Wednesday, April 13, 2016

Tuning Slide: Sing Your Song

Weekly Reflections on Life and Music

If you cannot teach me to fly, teach me to sing.
― J.M. Barrie, author of Peter Pan

After a previous post I got this from my friend and fellow trumpet player, Steve:
I began to think about the human voice either spoken or sung and I thought about the trumpet voice. I remember being taught that if one could make a good sound on the mouth piece, that sound would be even better on the trumpet itself.
This directed me toward a number of things related to music, voice, and trumpet.
  • The human voice itself is an incredible musical instrument.

    Scat singing in jazz is an excellent example. Some of Bob Dylan's greatest lyrics make no "logical" sense but are an incredible melding of the melody and the human voice singing actual words. The words form the melody as much as the notes. It does take a whole orchestra to match the range and wonder of the human voice.
  • Instrumental music often is asked to imitate the human voice.
    Cantabile- In a smooth singing style
    One could ask whose vocal style should it be imitating? Most composers are thinking lyrical music at that point, but I can imagine an instrumental sound like say folksinger John Prine's gravelly style, the rough edge of John Fogerty, or the smooth as velvet with rough feel of Jim Morrison of the Doors.
  • Many teachers suggest singing the part first before even picking up the horn.

    One said that means when you are playing it on the horn, you really aren't sight-reading it for the first time.
But even beyond the connections of voice and instrumental music Steve points us trumpet players to the trumpet voice itself and our using it in the best, most effective, and most musical way possible. Steve mentioned that if you can make a "good" sound on just the mouthpiece, the horn will only enhance it. Borrowing  a technique I discovered last summer let me add a bit to that.

Pull the tuning slide out and just play the lead pipe. Make it a solid, centered sound of "G" on the staff. Listen and keep it centered. THAT, my instructors have been telling me, is the basic on which all notes on the trumpet are based. The simple act of a solid, centered, even "G". The recommendation has been to do that every day as a start to your playing. Get that in your mind and you have the solid voice of your trumpet and trumpet playing. That brief action on Mr. Baca's part at the Big Band camp literally began a major transformation in my trumpet playing.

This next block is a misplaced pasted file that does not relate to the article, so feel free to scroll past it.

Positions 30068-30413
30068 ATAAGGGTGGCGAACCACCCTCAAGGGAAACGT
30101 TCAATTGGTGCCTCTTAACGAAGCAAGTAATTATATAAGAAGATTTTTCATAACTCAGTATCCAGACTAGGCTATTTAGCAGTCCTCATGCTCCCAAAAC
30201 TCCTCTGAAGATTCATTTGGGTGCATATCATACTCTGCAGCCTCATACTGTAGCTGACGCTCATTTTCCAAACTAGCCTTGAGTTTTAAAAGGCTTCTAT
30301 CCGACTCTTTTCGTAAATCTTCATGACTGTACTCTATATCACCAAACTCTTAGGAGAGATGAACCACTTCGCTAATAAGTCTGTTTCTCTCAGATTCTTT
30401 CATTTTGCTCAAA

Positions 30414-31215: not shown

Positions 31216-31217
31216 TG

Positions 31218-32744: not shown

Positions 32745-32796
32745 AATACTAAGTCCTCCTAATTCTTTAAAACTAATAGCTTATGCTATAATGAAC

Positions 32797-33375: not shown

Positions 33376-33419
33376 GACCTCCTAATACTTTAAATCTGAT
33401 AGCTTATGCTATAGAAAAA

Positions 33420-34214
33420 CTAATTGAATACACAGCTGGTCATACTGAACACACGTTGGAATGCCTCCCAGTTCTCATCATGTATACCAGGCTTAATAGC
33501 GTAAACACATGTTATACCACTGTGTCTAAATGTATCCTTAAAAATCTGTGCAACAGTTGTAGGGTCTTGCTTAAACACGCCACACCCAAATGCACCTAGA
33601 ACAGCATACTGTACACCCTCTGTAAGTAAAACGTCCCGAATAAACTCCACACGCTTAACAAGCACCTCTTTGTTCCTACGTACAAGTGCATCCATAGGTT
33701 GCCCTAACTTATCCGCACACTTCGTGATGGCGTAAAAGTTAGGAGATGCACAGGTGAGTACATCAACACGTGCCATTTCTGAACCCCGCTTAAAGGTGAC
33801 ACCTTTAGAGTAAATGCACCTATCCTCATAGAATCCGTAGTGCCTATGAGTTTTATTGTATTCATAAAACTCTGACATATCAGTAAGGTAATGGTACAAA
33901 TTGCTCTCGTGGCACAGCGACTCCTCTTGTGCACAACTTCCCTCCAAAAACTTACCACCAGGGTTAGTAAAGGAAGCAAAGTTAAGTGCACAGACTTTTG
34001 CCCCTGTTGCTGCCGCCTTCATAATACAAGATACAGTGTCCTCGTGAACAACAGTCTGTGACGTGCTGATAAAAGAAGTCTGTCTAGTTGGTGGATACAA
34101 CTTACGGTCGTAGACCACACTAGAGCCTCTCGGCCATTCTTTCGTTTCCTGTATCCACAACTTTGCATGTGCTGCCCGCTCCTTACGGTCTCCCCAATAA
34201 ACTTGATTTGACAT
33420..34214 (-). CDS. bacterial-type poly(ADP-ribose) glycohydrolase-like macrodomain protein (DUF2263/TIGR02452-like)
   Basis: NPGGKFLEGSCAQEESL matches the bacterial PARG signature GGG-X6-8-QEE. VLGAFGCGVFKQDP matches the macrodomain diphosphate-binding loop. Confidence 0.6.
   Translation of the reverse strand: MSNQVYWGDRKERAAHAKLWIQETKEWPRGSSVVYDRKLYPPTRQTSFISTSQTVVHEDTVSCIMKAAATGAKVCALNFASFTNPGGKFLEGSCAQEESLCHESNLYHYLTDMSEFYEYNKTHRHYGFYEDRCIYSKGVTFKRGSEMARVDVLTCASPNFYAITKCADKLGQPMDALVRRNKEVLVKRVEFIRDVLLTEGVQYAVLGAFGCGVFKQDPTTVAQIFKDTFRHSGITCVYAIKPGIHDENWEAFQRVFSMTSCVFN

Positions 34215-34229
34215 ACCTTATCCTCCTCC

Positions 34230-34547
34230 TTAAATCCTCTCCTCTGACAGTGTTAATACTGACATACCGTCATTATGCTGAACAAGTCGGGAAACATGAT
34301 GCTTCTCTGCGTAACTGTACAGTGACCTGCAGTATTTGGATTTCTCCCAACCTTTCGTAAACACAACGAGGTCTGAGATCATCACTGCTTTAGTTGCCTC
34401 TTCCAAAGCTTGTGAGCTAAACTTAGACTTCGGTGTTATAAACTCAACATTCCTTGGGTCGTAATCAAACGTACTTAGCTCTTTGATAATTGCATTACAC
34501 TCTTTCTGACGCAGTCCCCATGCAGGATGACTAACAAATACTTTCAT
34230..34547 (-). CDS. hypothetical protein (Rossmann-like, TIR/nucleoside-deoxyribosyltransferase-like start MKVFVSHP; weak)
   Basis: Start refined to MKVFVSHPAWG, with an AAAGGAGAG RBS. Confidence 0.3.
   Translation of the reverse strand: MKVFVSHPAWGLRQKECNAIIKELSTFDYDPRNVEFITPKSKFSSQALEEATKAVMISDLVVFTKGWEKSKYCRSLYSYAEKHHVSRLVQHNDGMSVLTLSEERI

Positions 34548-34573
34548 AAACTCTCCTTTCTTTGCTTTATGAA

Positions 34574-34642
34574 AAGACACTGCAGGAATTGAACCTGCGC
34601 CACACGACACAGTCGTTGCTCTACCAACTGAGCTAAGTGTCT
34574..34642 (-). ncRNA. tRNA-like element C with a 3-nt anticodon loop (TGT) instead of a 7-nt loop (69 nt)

It isn't even about the "buzz". It's about the movement of air. All music is the movement of air. It is air vibrating at specific wavelengths, like A 440. I was reminded of this just this past Sunday when I attended (along with Steve) a concert and clinic put on by the Compass Rose Brass from Minneapolis. The trumpet clinic reminded us of this. It is one of those simple foundations of trumpet playing that we often forget. Keep the air moving at that steady pace. Learn how to move the air as needed. It isn't even all about the embouchure, although that is involved. It is about the air.

That in itself is enough to think about when talking about the voice of the trumpet- singing the song through the instrument. It is allowing the sound of the horn, the sound of the air, and the sound in your head to become music.

Which leads to your voice. We have talked about that from the outside when talking about story and song in the past month. But you and I may both have the same song and come from the same place, but our voice will be different. Like those singers mentioned above. No two have the same voice. Or take a song like Dylan's "Mr. Tambourine Man". A beautiful, mystical, mysterious song- when Dylan sings it. A beautiful "pop" song when even such a talented group as The Byrds sing it.

Even if you are not a good singer, you still sing through your instrument. Think about that a second. My horn becomes an extension of my voice; it is how I can sing. The Compass Rose clinic on Sunday reminded me that we need to think about the song we are playing, not just playing the notes. Think about the meaning of the music; translate that meaning into the way you play the notes; it's your voice, let it sing.

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